While the Amazon is the largest and most well-known rain forest in South America, there’s another rain forest that’s also critically important for nature and people: the Atlantic Forest. Like the Amazon, the Atlantic Forest is a vital ecosystem teeming with unique plant and animal species. Unfortunately, that’s not all the two forests have in common: The Atlantic Forest is also critically threatened and needs our help.
The Atlantic Forest runs along the eastern coast of Brazil, stretching inland into Argentina and Paraguay. The ecoregion encompasses major cities like Rio de Janeiro and São Paulo and is home to around 150 million people. In Brazil, the Atlantic Forest ecoregion produces 70% of the country’s gross domestic product or GDP.
This forest is also one of the richest natural areas on the planet, filled with iconic species like jaguars, sloths, tamarins, and toucans. Just 1 hectare of the Atlantic Forest can support 450 species of trees. Seven percent of the world’s plant species and 5% of the world’s vertebrate animal species are found there. And many of these plants and animals are endemic, meaning they don’t exist anywhere else on Earth.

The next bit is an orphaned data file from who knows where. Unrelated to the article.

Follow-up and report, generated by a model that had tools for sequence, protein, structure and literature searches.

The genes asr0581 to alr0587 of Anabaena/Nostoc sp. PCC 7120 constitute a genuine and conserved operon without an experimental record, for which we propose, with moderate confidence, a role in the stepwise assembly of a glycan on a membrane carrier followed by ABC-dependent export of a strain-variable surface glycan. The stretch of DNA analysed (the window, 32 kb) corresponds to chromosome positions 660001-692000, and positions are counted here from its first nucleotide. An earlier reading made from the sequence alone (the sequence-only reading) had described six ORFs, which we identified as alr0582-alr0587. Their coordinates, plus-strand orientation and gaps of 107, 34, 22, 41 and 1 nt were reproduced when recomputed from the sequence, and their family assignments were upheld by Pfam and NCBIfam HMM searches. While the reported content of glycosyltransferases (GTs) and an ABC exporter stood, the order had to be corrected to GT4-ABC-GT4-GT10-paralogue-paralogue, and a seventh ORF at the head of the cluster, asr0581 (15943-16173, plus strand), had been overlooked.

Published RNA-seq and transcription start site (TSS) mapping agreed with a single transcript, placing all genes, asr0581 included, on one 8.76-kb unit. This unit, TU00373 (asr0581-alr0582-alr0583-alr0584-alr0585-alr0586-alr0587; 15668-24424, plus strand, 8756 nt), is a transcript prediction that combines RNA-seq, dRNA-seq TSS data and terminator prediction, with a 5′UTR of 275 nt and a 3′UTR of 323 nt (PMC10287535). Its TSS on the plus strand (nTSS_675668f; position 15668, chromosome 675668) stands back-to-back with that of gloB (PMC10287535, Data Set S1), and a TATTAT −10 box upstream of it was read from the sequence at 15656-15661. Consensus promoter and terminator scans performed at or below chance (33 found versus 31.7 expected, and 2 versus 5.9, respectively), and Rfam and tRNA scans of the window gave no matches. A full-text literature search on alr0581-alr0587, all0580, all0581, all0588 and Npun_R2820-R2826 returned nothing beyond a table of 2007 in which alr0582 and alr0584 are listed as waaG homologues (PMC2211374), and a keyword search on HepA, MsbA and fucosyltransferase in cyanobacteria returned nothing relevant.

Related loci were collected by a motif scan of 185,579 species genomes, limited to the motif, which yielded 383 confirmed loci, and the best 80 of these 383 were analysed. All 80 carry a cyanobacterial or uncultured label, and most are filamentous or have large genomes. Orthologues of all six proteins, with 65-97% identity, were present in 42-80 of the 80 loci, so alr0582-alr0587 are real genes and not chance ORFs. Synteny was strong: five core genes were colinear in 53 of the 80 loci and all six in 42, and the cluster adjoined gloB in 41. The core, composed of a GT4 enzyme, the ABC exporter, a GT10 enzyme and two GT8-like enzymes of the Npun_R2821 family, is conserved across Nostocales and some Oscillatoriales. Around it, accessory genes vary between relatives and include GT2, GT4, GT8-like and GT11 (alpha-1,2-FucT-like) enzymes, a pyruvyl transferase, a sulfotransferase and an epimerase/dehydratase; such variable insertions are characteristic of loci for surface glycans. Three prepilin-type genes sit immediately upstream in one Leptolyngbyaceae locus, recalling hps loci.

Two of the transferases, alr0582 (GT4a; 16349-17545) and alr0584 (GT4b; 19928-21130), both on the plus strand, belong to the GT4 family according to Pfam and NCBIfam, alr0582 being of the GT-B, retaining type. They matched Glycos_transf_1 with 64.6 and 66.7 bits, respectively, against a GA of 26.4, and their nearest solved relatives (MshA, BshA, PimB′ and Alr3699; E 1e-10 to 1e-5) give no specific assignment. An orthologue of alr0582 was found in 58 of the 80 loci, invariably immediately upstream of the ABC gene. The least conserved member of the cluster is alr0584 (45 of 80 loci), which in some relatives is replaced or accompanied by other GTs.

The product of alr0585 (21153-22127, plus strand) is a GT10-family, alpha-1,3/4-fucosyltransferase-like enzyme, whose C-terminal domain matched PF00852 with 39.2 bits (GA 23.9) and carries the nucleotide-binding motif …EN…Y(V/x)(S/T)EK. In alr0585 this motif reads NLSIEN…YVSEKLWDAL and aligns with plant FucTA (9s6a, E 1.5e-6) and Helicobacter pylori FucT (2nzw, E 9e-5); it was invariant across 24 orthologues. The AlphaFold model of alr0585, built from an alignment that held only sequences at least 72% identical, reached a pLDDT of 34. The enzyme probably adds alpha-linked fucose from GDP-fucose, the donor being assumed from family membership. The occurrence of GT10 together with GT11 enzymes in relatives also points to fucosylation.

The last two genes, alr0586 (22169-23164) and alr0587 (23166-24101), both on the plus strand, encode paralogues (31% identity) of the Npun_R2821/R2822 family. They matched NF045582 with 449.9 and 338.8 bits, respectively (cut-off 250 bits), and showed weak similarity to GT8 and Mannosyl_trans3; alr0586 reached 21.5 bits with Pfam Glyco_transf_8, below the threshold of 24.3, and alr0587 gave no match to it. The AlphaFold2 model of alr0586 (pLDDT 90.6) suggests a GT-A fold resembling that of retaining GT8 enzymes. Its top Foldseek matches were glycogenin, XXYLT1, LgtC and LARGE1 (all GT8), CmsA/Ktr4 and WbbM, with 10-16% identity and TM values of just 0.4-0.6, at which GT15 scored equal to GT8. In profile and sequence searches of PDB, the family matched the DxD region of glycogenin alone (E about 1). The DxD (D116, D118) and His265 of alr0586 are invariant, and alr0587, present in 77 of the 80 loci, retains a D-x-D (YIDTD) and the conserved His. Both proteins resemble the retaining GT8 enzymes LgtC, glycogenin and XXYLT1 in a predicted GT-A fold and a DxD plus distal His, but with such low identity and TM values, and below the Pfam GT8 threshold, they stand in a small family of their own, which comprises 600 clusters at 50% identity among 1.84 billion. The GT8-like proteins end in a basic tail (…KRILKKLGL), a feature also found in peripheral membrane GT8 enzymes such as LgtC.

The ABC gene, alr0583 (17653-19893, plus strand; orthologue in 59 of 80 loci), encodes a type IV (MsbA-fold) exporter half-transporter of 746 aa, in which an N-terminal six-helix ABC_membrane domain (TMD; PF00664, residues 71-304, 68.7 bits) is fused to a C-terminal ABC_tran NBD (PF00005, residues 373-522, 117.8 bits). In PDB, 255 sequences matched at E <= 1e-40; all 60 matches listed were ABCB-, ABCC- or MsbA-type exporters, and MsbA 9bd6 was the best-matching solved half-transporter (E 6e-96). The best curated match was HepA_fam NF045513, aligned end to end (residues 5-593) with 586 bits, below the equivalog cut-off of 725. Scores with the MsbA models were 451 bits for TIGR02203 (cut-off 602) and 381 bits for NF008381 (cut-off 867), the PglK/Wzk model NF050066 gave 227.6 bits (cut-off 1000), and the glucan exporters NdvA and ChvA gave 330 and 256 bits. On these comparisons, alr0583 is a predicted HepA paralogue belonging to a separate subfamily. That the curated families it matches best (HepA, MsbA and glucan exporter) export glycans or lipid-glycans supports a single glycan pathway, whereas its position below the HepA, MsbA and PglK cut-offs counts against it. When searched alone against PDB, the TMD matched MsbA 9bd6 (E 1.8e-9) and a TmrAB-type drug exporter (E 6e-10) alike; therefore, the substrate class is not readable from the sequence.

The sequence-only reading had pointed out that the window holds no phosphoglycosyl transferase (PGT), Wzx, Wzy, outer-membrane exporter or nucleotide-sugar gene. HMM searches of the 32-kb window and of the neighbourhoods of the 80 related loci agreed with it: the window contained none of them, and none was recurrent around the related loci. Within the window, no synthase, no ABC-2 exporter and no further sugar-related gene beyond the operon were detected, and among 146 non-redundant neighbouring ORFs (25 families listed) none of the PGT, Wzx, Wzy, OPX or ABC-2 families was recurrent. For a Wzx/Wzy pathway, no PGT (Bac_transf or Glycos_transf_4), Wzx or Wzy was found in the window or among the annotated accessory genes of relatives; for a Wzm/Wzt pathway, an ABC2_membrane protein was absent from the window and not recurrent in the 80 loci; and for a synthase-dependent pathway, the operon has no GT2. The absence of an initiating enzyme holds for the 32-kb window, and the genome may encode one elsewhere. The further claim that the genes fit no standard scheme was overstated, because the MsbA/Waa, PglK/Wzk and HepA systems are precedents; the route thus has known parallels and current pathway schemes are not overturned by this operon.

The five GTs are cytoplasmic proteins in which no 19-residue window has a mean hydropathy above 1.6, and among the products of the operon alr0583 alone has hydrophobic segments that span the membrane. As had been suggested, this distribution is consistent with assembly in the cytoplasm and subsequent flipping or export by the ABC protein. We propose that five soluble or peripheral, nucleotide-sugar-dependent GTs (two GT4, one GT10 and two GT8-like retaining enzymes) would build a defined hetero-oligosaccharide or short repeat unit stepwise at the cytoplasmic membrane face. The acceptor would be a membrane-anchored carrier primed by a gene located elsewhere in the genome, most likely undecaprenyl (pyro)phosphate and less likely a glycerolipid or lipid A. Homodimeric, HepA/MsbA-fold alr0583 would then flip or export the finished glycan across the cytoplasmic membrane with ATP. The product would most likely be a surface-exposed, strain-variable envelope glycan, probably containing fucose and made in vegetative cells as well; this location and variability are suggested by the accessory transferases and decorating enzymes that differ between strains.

New species are being documented in the Atlantic Forest all the time. Since 1990, more than 30 mammal species, nine bird species, and about 100 frog species have been discovered there. The forest also provides other important natural resources, including clean air and climate regulation, soil protection, pollination, food, medicine, and drinking water. In fact, 60% of Brazil’s population relies on water from the Atlantic Forest.
Despite the importance of this forest, it is one of the most threatened in the world. For the past 500 years, humans have changed the forest landscape with infrastructure development, agriculture, and tree plantations. Roughly 12% percent of the original forest in Brazil is left, much of it in small, unconnected fragments.